All in all, cities continue to be my favorite. I can access care, and hospitals if necessary. The sign-up systems have run more smoothly. And my city is liberal so the rates have not skyrocketed because conservative politicians don’t have the ability to mess it up out of spite they way they can in some small liberal areas in conservative states.

    • Ugh — how frustrating! I heard similar nonsense from our new insurer just this week, and finally had to stop talking to them or I was going to explode in rage. ;-) (I put a smiley face there, but really… RAGE.) And I’m glad you have a good system now, but it is so infuriating that health care became so politicized. It was not always this way, and the polarization of it has been one of our biggest steps back as a society. (Even Reagan said we should take care of the poor, but that is not the prevailing sentiment these days.)

      • It saves so much money to take care of folks, too! Homeless advocates in cities where they’ve switched to a housing first model have seen lives transformed and ALL city services save more.


        I want humans to live. And not die from lack of care. Or unduly burdensome loopholes that make access to care nearly impossible for some folks.

  24. I noticed the plans mentioned only have two stars for quality. Is that a concern? I’ve looked at Kaiser which had a bad name in the early 2000s but now has a good name.

    It is interesting that some people still go with PPOs which give more choices. Traditional Medicare is much like a PPO, but the Medicare HMO patients have been found in studies to get higher quality care and live longer.

    • You bet it’s a concern! But we didn’t have any higher rated options, unfortunately. And we’d LOVE to have Kaiser, but we’re too far outside of a service area to qualify. :-( Re: going with a PPO, it was really because we saw that the available provider networks on the options we had were drastically scaled back from the usual Blue Cross and Blue Shield networks. The EPO (HMO without referral requirements) had no out of network coverage and covered almost no doctors in our town, and no docs we already see. The PPO we chose worked out better mathematically anyway, but also covered a few more providers. But yeah, everything you see in our choices is a case of choosing under less than ideal circumstances.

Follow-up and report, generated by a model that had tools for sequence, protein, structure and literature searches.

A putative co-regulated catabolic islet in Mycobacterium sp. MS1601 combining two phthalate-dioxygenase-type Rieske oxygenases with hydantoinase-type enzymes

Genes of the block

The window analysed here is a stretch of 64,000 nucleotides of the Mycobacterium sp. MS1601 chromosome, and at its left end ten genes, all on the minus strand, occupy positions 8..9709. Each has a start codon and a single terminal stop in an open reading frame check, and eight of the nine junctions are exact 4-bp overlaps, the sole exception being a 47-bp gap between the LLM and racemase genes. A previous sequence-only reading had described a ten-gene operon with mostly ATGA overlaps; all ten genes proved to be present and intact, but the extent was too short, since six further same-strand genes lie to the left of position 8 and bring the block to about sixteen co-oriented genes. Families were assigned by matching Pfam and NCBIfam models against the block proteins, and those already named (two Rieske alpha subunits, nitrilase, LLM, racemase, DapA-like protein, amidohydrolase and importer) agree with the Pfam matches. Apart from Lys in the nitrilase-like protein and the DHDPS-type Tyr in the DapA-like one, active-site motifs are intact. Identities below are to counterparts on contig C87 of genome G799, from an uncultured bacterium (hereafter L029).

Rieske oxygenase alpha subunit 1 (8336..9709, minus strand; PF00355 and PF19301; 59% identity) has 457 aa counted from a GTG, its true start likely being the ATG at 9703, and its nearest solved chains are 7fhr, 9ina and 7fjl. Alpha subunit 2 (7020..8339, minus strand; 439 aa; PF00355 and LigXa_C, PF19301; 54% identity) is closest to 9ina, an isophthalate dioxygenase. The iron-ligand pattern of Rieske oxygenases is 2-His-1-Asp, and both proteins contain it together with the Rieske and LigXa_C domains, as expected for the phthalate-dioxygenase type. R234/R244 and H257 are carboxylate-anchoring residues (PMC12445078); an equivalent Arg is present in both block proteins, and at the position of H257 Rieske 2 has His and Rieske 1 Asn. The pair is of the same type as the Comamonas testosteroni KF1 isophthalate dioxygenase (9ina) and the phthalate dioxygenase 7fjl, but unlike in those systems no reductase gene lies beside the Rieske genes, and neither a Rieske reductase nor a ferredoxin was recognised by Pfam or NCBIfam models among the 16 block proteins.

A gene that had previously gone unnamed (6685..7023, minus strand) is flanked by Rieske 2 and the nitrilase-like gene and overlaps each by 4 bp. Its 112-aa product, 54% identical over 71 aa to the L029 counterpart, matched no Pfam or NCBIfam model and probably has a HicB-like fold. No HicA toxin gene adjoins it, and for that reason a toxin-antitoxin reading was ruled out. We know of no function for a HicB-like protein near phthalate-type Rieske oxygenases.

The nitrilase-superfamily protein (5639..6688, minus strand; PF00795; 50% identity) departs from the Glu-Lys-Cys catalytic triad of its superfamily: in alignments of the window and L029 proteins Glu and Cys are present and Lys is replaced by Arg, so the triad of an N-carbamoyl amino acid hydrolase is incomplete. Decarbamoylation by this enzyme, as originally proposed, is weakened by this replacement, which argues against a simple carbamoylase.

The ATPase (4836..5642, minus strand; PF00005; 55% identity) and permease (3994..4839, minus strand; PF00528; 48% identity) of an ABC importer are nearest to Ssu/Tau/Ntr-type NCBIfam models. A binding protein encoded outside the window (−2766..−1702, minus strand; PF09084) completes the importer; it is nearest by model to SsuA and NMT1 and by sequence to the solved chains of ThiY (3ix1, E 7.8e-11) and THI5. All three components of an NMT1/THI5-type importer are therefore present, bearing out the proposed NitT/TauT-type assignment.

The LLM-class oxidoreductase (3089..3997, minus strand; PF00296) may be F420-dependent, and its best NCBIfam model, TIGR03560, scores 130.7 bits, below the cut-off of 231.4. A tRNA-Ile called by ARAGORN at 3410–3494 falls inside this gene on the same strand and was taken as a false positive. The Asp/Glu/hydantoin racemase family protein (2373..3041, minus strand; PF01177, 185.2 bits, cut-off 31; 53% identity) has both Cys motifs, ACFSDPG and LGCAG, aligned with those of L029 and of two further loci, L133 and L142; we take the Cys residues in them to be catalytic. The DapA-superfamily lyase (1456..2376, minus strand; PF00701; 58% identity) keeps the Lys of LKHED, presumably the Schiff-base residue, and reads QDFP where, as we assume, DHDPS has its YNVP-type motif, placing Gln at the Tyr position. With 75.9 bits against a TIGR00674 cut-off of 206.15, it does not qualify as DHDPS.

25. Glad to see I could get HSA if I wanted to. Most likely since I work in healthcare I will just work part time for insurance but I looked into in case I want to travel full time. Even with the mortgage my spending still will qualify, guess one perk of being lower/ mid income used to living on lower amount.

    • You can definitely get HSA plans on the exchanges! In our case, the math on it didn’t make sense, but you have to look at your own circumstances. The HSA options had abysmal drug coverage, and that’s our biggest recurring health care expense, at least for now. And yeah, the mortgage payoff doesn’t make sense for every circumstance by any means! But it’s at least worth doing your own math.

  26. I’m glad to hear that, you were able to sign up the Obamacare. The process is not very straightforward. 2018 is my 4th year using Obamacare. My Bronze plan premium is $442/month, and deductible and out of pocket is $7,350. I’m not eligible for the subsidy. The plan is not that great. But I’m happy. Having coverage is better than none. As an early retiree, health care is the biggest challenge I face. I just accept the reality, and enjoy my retirement life.

    • Yeah, it sure seemed like none of the bronze plans offered especially good coverage. But as you said, something is better than nothing! Glad you have at least that coverage backstop. Now let’s hope the costs don’t continue to skyrocket!

  27. I haven’t gone down the health care road yet as I am not retired (yet). You mentioned the tax reform act and from the way you phrased it, I take it you don’t care for it. I enjoy your writing and would be interested in an article that hits the high points of the new plan and your thoughts on them. Sorry to go off topic. Didn’t know where else to make the request for an article.
    Keep enjoying your early retirement!

  28. Thank you so much for this great information. I struggle in trying to figure this out, but we still have a few years to go at work. I have budgeted a high amount for healthcare in our retirement plan, but am still trying to figure out the AGI, so your chart was helpful, as was the link to Justin’s post. Now that this step is over, I hope you are getting out to ski!

    • You’re so welcome! I’m of course glad to know that you’re budgeting a lot for retirement health care. That’s super smart considering how fast those costs are rising and how unpredictable the system is. If you haven’t already, run some calculations for your area based on different income levels to get a feel for your current options. (Of course, knowing they could all change.) ;-)